So I’ve watched Whisper of the Heart in a Hayao Miyazaki focused film festival of sorts last Friday (along with Porco Rosso, I’ve watched all the other films they had there previously), and I was bothered by something in Whisper of the Heart, well, a couple of things.
There will be a certain amount of spoilers, be advised.
The first is that it had a “point”, a moral, a lesson it had tried to pass, when I think it’d have worked better as a “Slice of Life” story that just showcases something. Porco Rosso on the other hand was cute, but it was rambling and a bit directionless.
Whisper of the Heart follows Shizuku Tsukihima, a girl who loves reading books, at her senior year of junior high school. In a way, she lives in the world of imagination, reading books voraciously, and fantasizing about the boy whose name appears before hers in many of the books she loves.
By the by, she is a junior high school student, and while some aspects of her and her classmates seem a bit off in age, as in, some fit high schoolers better, and some actually fit elementary schoolers (and even 4th-5th graders at that), on the whole, it seemed fitting, the behaviour, which meant quite a bit. I hate it when films totally butcher how younger people behave for the sake of cliches.
Anyway, Tsukihima lives in the world of fantasies and would-bes, day-dreaming her way through life. As such, when she has some run-ins with the dreary life of preparing for the high school entry exams, before her confrontation with her parents, I thought the point of all the times she was asked for chores and she failed to meet them was not in order to have a build-up to a confrontation (that fizzled out, as a confrontation), but to showcase the lively world of imagination versus the dreary everyday life.
Anyway, there was something that really annoyed me at one of the moments of the film, and which was originally the title of this post, the “It only happens in stories!” fallacy. Not that some things don’t happen just in stories (because they do), and not discounting the fact many of us export to the real life what we learn from films. No, my point is different, and I’d use a short story to help get it across.
I sometimes dream that I am flying, and all that I need in order to fly is just “to let go”, of gravity’s hold on me, of my fear of flying, and up I go. A couple of months ago I had a dream, and I said to myself “You can only do it in dreams, but this is not a dream, so let’s see if it works,” and then it worked, and I was flying, and I was congratulating myself on how I was flying outside the dream, when before it only happened in dreams.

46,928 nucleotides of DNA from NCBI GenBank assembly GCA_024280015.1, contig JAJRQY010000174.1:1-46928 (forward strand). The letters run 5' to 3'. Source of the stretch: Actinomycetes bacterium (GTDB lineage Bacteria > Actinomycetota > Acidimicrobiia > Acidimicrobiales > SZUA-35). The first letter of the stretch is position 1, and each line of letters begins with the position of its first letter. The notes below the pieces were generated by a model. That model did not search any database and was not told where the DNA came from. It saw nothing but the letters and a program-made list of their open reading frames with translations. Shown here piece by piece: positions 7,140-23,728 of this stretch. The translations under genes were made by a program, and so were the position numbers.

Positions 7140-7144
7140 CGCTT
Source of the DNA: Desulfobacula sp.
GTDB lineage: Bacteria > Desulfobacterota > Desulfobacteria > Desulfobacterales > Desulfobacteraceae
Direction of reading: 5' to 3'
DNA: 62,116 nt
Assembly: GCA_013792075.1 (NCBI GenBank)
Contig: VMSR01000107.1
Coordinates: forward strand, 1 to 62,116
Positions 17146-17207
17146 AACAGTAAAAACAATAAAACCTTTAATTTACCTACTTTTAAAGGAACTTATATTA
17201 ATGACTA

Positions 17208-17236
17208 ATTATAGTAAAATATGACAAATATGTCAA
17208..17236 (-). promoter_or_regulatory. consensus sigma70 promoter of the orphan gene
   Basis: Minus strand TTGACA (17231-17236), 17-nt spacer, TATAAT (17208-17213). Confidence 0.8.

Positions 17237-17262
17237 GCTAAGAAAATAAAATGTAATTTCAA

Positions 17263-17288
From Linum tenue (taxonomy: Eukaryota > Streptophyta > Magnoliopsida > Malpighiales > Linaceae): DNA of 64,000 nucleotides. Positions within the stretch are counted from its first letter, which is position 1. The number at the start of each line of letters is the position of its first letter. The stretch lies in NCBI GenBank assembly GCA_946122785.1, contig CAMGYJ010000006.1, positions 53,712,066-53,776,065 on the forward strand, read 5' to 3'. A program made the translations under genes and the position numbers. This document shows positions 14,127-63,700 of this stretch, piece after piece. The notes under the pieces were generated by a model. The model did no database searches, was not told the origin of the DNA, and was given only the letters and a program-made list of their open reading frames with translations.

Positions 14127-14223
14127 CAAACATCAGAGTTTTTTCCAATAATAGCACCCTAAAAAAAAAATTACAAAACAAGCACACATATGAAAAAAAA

Likewise, Tsukihima tells herself, or someone tells her, that a certain something she wishes for, or that she desires, only happens in stories. And then it obviously happens to her, which is a problem, because this is a story, she is in a story, one that we experience. I find this a bit problematic, not just because it’s simplistic and, well, an ironic lie, of sorts.
I also find it problematic because the target audience for this film, and who often hear this from dramas and other stories (“It only happens in films”), where the actors are flesh and blood, are younger kids, or people who may be caught off-guard and who will then tell themselves this is a “truth-telling film” for knowing and saying some things only happen in films, and then it proceeds to give them a message, something that only happens in films, and then they’ll take it, or are more likely to.
The moral of the story? Work hard for what you believe in, you might not get it, but you need to find out by putting in effort if that’s what you really want (Seiji, the boy she likes), and whether you actually have a talent for it (Tsukihima herself). Of course, you might get a negative result on either, but neither of our protagonists do, at least at this time. Not to mention they’re getting engaged, or promise themselves to one another before they’re out of junior high. How romantic, how sappy, how…. storylike.
If we put aside the silly moral, and my slight beef with the above, it’s a good and enjoyable movie. Miyazaki was more in charge of the in-story sequences, and there are sequences, both in the story Tsukihima pens, and her own discovery of the rare goods shop that quite resemble Alice in Wonderland. The in-story is a bit silly, a bit empty, and not fully fleshed out, but then again, we don’t get much of it. Of course, it’s easier to come up with a dream-scape of sorts when you only need to come up with 2-3 minutes’ worth.
Score: 7.2 Kids in love, who love reading books. An enjoyable film.